Business strategy, at its core, seems rather simple: Create a product or service people need. Acquire customers in sufficient quantity to drive revenue. Make more in revenue than you pay in expenses. The profit is yours to keep or reinvest.
Why then, do so many business strategies fail?
Most entrepreneurs can pick quantifiable targets that become goals, and most are also pretty good at visionary thinking.
However, the bridge between setting a goal and realizing that goal is the ability to support your vision with a strategic plan. That means devising the plan, focusing on the plan, and executing the plan. And this is where most strategies turn to mush.
Related: Elements of a Business Plan
1. You think you don't need a plan
More than 80 percent of small businesses don’t have a clearly articulated, written strategic plan. As a consulting firm, this is what we usually hear:
- We’ve always made it up as we go so we can be flexible and innovative.
- The plan's all in my head, but it’s solid.
- The plan is so brilliant it has to be top secret.
- We had a plan. It didn’t work, so we don’t do that anymore.
It’s easy to run a business with the attitude of, “I'll just take advantage of opportunities as they arise." But how do you recognize an opportunity if you have no plan?
The human mind is drawn to patterns it considers important -- either for safety or for pleasure. Be clear about which patterns you want to attract, and you'll be more likely to find them.
The same principle applies to your business. The discernment problem gets worse as the company gets bigger. You end up with everyone heading in multiple directions, tackling work that doesn’t further the strategy and failing to recognize opportunities that are begging to be picked.
2. You have the wrong type of plan
Traditional business plans are for investors and banks. They don’t really give you day-to-day guidance for implementation.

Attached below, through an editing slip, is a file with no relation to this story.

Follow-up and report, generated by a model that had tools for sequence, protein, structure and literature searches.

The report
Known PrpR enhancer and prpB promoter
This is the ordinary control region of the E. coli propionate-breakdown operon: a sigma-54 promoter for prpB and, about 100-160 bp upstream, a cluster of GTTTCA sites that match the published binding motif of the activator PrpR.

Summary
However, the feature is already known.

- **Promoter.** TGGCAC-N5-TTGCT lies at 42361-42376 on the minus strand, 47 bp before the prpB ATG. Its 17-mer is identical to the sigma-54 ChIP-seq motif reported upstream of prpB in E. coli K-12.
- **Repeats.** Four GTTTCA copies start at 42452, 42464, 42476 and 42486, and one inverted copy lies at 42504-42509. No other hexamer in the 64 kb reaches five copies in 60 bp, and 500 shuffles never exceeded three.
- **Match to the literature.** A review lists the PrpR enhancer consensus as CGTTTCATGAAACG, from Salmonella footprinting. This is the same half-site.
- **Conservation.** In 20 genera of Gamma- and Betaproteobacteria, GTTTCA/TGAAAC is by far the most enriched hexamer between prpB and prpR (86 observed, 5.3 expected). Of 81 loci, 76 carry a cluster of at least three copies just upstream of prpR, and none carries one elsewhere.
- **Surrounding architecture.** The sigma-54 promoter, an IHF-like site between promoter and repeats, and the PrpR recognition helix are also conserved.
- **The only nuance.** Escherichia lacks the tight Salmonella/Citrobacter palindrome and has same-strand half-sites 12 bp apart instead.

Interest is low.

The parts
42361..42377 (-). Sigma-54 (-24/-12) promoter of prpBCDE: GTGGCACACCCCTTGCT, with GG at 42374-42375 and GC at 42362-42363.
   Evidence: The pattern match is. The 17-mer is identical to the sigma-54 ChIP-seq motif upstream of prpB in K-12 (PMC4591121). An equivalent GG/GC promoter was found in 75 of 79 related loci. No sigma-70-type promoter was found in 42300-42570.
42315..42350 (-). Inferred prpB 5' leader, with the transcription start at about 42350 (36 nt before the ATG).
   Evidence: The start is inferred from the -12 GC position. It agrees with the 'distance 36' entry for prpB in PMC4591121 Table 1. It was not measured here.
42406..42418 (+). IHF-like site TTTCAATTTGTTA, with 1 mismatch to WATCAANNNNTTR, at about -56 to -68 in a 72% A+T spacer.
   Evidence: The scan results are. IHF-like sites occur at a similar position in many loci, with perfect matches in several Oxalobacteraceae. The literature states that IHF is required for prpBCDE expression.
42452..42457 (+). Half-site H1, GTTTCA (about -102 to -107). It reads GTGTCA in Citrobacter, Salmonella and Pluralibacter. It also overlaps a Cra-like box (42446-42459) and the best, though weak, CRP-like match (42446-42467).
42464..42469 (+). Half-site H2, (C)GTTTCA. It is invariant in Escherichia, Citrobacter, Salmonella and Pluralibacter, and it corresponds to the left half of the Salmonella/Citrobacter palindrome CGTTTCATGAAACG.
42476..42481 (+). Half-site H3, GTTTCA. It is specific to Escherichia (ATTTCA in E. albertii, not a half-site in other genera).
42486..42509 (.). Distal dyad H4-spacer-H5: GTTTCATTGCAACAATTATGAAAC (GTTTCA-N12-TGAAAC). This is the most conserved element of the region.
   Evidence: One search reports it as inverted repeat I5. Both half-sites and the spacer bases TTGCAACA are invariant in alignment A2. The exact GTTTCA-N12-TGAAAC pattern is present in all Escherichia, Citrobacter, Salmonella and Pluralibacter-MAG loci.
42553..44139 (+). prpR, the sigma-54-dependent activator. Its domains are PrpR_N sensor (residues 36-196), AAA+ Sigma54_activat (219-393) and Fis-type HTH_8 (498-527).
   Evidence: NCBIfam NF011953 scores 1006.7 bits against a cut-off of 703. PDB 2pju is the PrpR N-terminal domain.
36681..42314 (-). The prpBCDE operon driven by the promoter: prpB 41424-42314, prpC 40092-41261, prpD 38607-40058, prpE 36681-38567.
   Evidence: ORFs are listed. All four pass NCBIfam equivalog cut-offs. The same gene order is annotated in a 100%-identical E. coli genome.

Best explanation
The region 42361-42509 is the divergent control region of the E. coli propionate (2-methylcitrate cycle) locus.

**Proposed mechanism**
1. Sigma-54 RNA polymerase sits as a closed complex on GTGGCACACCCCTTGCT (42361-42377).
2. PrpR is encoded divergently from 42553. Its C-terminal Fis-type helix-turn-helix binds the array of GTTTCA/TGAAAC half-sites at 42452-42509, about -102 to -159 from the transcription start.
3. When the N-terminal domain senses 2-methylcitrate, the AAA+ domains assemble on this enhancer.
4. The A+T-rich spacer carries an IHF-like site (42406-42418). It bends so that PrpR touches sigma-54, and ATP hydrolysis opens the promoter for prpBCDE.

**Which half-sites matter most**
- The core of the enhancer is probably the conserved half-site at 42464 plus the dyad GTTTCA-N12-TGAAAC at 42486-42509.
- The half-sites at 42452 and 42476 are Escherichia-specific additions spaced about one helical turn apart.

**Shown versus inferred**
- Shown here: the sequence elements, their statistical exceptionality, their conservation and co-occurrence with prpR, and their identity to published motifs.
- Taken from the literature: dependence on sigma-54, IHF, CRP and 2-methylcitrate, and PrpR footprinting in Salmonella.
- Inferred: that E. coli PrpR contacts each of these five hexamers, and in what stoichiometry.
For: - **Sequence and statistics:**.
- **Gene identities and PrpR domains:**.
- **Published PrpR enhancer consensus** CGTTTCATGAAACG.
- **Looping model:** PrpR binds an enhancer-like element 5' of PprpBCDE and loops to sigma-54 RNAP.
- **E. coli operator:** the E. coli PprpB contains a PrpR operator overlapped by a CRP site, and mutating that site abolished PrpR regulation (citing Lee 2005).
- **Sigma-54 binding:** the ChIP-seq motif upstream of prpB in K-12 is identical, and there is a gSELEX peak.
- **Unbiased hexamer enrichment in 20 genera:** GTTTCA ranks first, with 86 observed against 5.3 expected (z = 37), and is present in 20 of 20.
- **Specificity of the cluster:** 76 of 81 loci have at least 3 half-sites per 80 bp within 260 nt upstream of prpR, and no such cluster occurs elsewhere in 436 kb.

You need enough big-picture thinking to know where you're going in the long run. But ultimately, you need to plan out what you're going to do today and tomorrow to get there, and everyone on the team needs to be clear on their part. The focus needs to be on execution and results.
3. Your plan is too rigid
If you're clear on the destination, your plan can be flexible on how you get there. Things will happen to derail your plans, but when you know your goal is to get to a specific destination, you can take an alternate route.
If your plan is highly detailed and long range, it will require a lot of work to revise it. This may cause you to follow it stubbornly or abandon it when it approaches a dead end.
Agile planning is the solution. You need a compelling three-year vision, but you’ll set goals for the next quarter. Get crystal clear about what you need to do today and tomorrow, and take action.
4. Your plan ignores your culture and business structures
Setting a goal is not the same thing as creating a strategy. In fact, without a realistic plan to get from where you are now to the goal, you don’t have a strategy.
For an effective strategy, you have to consider all the factors:
- Products and services
- Marketing and sales
- Business systems and tools
- Success metrics
- External factors
5. You don't really want to succeed
You say working on business strategy is important. Yet, if we look at where your time goes as individuals and as a team, it isn’t on planning or even execution. It's spent on the fun, crisis or busy work.
When you want results more than you want the status quo, where you spend your time and effort will prove it. The world needs more of the 10 to 20 percent of successful entrepreneurs who plan and implement strategies with great effectiveness, drive innovation and create jobs.
Now what are you going to do about it?